2024 Land Rover Defender P400e Plug-in Hybrid is a Frugal Workhorse
As we move away from diesel, plug-in hybrids make a lot of sense for luxury SUVs with added efficiency and extra torque coming from an electric motor. In the Defender range, the arrival of the P400e in 110 guise means that it’s now a more frugal workhorse when compared to the standard mild hybrid variants with a meagre drinking habit of 3.4L per 100km (WLTP).
That figure is mainly due to the 19.2kWh lithium-ion battery which offers a decent 52 kilometres of electric-only range (we managed around 44km in our testing) along with a diesel rivalling 760km overall range.
The powertrain in question here combines the staple 2.0-litre four-cylinder turbocharged petrol engine with a 140hp electric motor to generate a total output of nearly 400bhp and 640Nm. Hence, the P400e certainly is no slouch with power figures just behind the V8 engine versions and a 0-100 km/h time of 5.6 seconds which is plenty quick for this leviathan.
Importantly, you can also use a DC fast charge to juice up the battery with a 0 to 80 per cent charge in around 30 minutes while a 7kW charger does it in around 2.5 hours. In our testing, we plugged the car into a simple 240v outlet at the wall where it fully charged itself overnight. We hardly used the petrol engine at all during our week with the car and went from home to work and never switched on the motor.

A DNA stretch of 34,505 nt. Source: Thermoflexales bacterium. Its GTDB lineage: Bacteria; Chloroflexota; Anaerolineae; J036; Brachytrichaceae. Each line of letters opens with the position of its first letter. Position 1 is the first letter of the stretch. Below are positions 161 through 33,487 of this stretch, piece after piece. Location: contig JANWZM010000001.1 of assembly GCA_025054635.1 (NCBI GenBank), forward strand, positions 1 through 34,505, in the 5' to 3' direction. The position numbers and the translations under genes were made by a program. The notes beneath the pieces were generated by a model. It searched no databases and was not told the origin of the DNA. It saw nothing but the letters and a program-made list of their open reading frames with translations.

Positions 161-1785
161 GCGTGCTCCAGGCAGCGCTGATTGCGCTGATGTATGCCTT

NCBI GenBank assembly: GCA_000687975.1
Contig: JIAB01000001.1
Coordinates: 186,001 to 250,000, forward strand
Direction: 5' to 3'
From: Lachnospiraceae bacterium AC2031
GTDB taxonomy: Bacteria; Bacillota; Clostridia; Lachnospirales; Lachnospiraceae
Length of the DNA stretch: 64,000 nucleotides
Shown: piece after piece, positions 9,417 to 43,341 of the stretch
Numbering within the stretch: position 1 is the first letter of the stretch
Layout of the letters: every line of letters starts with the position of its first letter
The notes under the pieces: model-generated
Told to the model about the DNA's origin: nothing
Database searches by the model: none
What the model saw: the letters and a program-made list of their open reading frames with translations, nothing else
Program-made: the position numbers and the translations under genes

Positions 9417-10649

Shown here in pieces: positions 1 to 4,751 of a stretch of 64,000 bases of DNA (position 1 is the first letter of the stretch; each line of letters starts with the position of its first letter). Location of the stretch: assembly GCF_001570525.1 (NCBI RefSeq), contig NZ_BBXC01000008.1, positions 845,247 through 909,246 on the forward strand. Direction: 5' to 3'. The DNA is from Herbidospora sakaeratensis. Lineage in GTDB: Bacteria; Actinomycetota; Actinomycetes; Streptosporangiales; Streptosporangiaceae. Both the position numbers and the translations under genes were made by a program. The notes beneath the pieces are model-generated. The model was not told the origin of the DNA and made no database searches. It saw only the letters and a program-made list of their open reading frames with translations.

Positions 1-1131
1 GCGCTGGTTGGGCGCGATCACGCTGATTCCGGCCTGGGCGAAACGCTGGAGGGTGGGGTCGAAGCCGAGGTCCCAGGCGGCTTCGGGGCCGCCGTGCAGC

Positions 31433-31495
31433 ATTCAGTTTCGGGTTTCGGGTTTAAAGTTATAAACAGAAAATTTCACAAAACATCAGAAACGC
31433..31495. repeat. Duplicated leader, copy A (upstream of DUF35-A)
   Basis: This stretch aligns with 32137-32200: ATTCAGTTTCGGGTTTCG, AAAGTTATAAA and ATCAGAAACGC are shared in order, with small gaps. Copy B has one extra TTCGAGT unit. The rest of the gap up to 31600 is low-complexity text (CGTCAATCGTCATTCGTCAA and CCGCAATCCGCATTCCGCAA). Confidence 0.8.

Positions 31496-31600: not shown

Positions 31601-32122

Off-road aficionados’ and Defender loyalists need not be worried as the plug-in hybrid tech does not mean sacrifices in terms of practicality or off-road ability with a 3,000kg towing capacity plus electric-only driving also compatible with the low-range off-road setting.
While this variant certainly makes a lot of sense, you would need to spend more for the added frugality of the PHEV with prices hovering at $127,600 (plus on-road costs) for the X-Dynamic SE P400e while the higher spec X-Dynamic HSE is $139,300 plus on-road costs. Do note that the extra weight of the batteries also ramps up the overall weight of the car when compared to the other Defender variants.
Inside, the PHEV gains an extra button on the dashboard marked ‘EV’ with a steely-eyed focus on extracting the best efficiency by locking the car into electric-only mode.
Land Rover is not a stranger to PHEVs and it already offers the same powertrain in other models while the hardcore Defender combines this powertrain with more off-road ability. While plotting its electrified future, the brand is keen to preserve its traditional values while looking at expanding its range. The eventual next step is a battery-powered model which will happen with the electric Range Rover due towards the end of 2024.
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